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Ans. 1(a):Evaporative Emissions
Hydrocarbon pollutants also escape into the air through fuel evaporation. With
today’s efficient exhaust emission controls and today’s gasoline formulations,
 evaporative losses can account for a majority of the total hydrocarbon pollutionfrom current model cars on hot days when ozone levels are highest. Evaporativeemissions occur several ways:
Automobile Emissions:
Gasoline evaporation increases as the temperature rises during theday, heating the fuel tank and venting gasoline vapors.
The hot engine and exhaust system can vaporize gasolinewhen the car is running.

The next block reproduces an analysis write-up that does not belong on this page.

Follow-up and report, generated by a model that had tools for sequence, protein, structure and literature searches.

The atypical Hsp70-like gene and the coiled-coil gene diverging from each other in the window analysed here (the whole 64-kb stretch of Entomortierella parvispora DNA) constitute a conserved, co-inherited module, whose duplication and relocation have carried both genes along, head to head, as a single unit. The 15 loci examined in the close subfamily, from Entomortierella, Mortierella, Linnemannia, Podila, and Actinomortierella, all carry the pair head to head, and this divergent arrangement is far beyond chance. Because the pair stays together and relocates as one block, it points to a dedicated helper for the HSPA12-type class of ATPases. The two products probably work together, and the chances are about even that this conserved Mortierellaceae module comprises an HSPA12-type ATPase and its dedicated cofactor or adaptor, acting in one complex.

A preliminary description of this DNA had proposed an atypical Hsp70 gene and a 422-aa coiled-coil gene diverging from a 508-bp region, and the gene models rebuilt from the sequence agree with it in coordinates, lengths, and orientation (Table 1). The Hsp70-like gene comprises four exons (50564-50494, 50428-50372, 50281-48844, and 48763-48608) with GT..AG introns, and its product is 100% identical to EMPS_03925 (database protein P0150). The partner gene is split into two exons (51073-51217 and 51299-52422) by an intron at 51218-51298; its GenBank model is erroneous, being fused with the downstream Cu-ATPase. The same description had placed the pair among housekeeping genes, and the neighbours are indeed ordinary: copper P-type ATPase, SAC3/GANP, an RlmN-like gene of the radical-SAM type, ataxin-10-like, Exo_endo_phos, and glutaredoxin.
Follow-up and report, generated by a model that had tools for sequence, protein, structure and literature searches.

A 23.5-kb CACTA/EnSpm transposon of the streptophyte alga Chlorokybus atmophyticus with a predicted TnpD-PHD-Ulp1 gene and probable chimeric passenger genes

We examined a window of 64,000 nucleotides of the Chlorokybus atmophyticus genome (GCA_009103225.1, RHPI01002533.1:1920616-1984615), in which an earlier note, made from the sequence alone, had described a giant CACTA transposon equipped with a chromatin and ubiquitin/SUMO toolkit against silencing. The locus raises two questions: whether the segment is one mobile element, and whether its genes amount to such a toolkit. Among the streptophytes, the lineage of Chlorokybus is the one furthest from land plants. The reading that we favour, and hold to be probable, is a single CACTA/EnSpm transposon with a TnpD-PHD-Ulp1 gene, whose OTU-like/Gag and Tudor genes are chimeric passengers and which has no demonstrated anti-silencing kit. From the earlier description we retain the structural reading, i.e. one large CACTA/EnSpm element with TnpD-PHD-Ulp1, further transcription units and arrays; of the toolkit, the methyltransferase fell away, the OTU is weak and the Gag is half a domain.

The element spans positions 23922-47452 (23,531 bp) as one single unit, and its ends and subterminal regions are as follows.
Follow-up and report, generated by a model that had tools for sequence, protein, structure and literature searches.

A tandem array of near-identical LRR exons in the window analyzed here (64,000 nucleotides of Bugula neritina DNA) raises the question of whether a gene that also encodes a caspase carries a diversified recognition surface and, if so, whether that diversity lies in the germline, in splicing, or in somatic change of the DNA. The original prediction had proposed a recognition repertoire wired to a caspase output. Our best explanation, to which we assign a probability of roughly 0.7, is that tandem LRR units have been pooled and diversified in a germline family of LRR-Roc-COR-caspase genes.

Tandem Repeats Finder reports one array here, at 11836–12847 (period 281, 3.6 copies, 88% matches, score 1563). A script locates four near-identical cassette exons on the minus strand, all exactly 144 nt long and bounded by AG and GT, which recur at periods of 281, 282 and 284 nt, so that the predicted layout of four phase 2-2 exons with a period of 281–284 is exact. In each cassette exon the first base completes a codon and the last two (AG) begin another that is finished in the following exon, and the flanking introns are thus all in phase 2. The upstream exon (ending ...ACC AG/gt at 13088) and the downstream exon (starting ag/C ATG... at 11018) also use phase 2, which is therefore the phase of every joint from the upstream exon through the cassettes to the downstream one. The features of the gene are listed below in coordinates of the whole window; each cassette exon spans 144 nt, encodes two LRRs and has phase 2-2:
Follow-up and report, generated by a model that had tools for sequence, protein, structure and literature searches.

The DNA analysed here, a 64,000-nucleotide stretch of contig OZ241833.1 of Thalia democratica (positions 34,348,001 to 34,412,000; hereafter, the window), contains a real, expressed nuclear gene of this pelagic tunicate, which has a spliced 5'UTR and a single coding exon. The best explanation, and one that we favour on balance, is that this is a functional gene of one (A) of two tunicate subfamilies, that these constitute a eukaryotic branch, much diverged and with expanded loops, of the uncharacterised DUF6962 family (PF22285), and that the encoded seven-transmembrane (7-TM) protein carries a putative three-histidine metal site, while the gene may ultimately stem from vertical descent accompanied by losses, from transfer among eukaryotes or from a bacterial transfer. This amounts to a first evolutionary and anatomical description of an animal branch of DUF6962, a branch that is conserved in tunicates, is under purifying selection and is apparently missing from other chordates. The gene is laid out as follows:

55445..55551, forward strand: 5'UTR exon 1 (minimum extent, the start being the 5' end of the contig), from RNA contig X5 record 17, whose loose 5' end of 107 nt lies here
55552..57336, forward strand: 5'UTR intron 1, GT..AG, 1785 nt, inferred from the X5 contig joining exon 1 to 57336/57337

The engine remains hot for a period of time after the car is turnedoff, and gasoline evaporation continues when the car is parked.
Gasoline vapors are always present in fuel tanks. These vaporsare forced out when the tank is filled with liquid fuel.
Basic Controls for Exhaust and Evaporative Emissions:
Evaporative emissions are the result of gasoline vapors escaping from the vehicle's fuel system.Since 1971, all U.S. vehicles have had fully sealed fuel systems that do not vent directly to theatmosphere; mandates for systems of this type appeared contemporaneously in other jurisdictions. In a typical system, vapors from the fuel tank and carburetor bowl vent (oncarbureted vehicles) are ducted to canisters containing activated carbon.The vapors are adsorbed within the canister, and during certain engine operational modes fresh air is drawn through the canister, pulling the vapor into the engine, where it burns. Gas vapors fromthe engine and fuel tank flow into the canister. Vapors in the canister flow back into the enginewhen the car is running.